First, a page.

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Slam the Gavel Blog

FAQ for Landlords

Posted by Matthew J. Hornsby on August 10, 2012 at 6:15 AM

          A large part of my practice involves assisting landlords throughout the rental process. I have written before on tips on being a successful landlord. I also have a portion of my website devoted to this topic. Here are several questions (and my responses) involving some of the issues that seem to come up time and time again as I represent landlords.


Prior to Renting

Q: Is there a way I can run a credit check or background check on a prospective tenant?


A: Yes. There are multiple websites (just search "tenant credit check") where you can purchase a credit report of a prospective tenant. The cost ranges from $20-$40 depending on how much information you are seeking. You should require the tenant to pay this upfront as an application fee, and also make sure you have the tenant sign a statement (included on the application itself) authorizing you to have these checks conducted.


Q: What information do I need to collect from a prospective tenant before renting to them?


A: I recommend having a standard application form filled out. The most important pieces of information are 1) full name, 2) multiple phone numbers, 3) social security number, 4) date of birth, 5) current employment information, and 6) prior landlords. All of this information will be useful in screening the person prior to renting or collecting on a money judgment after evicting. Email me at matthornsbylaw@gmail.com and I can provide you with an application form.


Q: Where can I get a residential lease agreement?


A: Email me at matthornsbylaw@gmail.com and I will be happy to provide you with a tried and true lease agreement.


Q: How do I know what terms/provisions to use in the lease agreement?


A: Your best bet is to ask an attorney to assist you with filling out the lease agreement. Most of the common terms are easily understandable, however some rogue leases out there include provisions prohibited by law, so you want to make sure these are not used.


After Renting


Q: How much can I take as a security deposit?


A: Normally, you can take an amount equal to 1 month’s rent as security deposit. So if the monthly rent is $1000, the security deposit should be $1000, or less.


Q: If the tenant fails to pay rent one month, do I have to apply the security deposit towards that unpaid month?


A: No, the tenant is required to pay the monthly rent even if a security deposit was paid at the start. This does not have to be credited to their account during the lease period.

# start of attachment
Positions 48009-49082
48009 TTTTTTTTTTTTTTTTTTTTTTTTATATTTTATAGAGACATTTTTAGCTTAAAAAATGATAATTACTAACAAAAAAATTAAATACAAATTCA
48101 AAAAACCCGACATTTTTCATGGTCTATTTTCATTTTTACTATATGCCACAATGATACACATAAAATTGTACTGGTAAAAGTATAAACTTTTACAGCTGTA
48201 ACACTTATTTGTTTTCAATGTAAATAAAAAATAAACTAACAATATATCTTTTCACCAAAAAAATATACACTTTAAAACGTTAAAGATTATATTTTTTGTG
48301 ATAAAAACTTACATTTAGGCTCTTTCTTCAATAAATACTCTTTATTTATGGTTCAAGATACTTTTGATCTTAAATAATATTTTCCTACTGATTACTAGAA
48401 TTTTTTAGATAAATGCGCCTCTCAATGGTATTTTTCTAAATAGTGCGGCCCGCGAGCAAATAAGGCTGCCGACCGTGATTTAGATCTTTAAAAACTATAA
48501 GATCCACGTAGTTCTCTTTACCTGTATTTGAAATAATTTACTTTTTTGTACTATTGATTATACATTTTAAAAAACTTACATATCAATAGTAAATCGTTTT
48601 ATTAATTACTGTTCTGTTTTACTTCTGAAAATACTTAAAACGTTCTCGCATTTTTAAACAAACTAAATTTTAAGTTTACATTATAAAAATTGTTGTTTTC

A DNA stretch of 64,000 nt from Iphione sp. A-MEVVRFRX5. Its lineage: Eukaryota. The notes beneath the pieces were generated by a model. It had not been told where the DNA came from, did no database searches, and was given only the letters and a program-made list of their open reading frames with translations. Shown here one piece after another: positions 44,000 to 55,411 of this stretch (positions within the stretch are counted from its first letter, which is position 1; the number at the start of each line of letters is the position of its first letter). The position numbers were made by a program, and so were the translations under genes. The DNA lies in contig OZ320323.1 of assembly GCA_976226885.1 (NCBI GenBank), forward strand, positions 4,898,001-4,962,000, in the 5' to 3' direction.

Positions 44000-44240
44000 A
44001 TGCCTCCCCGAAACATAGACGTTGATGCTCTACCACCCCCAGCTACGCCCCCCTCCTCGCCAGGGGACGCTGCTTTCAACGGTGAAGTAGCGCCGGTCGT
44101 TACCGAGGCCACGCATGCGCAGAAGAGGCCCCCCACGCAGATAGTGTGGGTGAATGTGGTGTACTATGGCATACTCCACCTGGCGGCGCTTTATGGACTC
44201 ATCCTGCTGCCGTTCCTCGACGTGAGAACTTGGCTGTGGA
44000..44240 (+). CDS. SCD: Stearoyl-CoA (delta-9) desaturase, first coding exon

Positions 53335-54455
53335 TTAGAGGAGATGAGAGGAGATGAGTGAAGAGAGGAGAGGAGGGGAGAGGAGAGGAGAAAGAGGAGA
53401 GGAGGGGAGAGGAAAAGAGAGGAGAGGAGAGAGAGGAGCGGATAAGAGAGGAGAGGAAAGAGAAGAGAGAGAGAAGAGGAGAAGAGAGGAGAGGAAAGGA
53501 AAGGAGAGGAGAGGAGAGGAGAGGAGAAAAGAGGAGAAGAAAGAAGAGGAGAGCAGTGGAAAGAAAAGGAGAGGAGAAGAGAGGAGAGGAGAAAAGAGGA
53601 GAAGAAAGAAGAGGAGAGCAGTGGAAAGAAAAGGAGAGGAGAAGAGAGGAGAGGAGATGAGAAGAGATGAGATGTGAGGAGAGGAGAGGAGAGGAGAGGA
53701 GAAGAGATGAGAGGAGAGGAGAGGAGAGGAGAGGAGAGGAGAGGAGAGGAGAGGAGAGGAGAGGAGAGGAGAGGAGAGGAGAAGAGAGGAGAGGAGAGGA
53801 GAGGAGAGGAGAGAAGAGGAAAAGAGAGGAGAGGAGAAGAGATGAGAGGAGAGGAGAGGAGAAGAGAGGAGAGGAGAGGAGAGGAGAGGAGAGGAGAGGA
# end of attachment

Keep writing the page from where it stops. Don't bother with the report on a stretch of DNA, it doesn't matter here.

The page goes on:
Q: What do I do if the tenant stops paying rent?


A: As soon as the rent is late under the terms of the lease, you should provide a written notice of intent to terminate the lease. I recommend seeking assistance from an attorney at this step, at least for the first such incident, so that the attorney can ensure that you provide a proper notice.


Q: What do I do if the tenant has allowed other people to move in?


A: If this is a breach of the lease agreement (and it needs to be) you should provide a written notice of intent to terminate the lease. Note: this notice is very different from the type of notice used in cases of non-payment of rent, therefore I recommend seeking assistance from an attorney at this step.


Q: What do I do if I think the tenant is destroying my house?


A: Normally, you should provide a 48 hour notice of a particular time that you intend to enter into the property for the purposes of inspecting the property. If the tenant is indeed destroying the property, you should provide a written notice of intent to terminate the lease.


Q: How do I get rid of this tenant?


A: Only by filing an action in court, called an unlawful detainer. In Alabama (and most other states) the landlord does not have the right to “self help.” That means that you must go through the court system and have the sheriff’s department physically remove the tenant and their property.


Q: Can I shut off power, water, or other utilities to the house?


A: No, no, and no. I often have a landlord-client who, prior to retaining me, and acting out of understandable frustration, called the power company or water board and instructed that services be stopped. The law can severely penalize a landlord for these actions, even if the tenant is not paying rent. The safe bet is to retain an attorney before things escalate to that point.


Q: How long will it take to evict the tenant?


A: Depending on the circumstances, usually 4-6 weeks.


Q: Is it possible to recover my money after evicting the tenant?


A: Yes, and this is made easier if the landlord has collected certain important information in the application process. It is possible to garnish the wages of the tenant if their employment is known, and that is usually the best option for collecting on your judgment.

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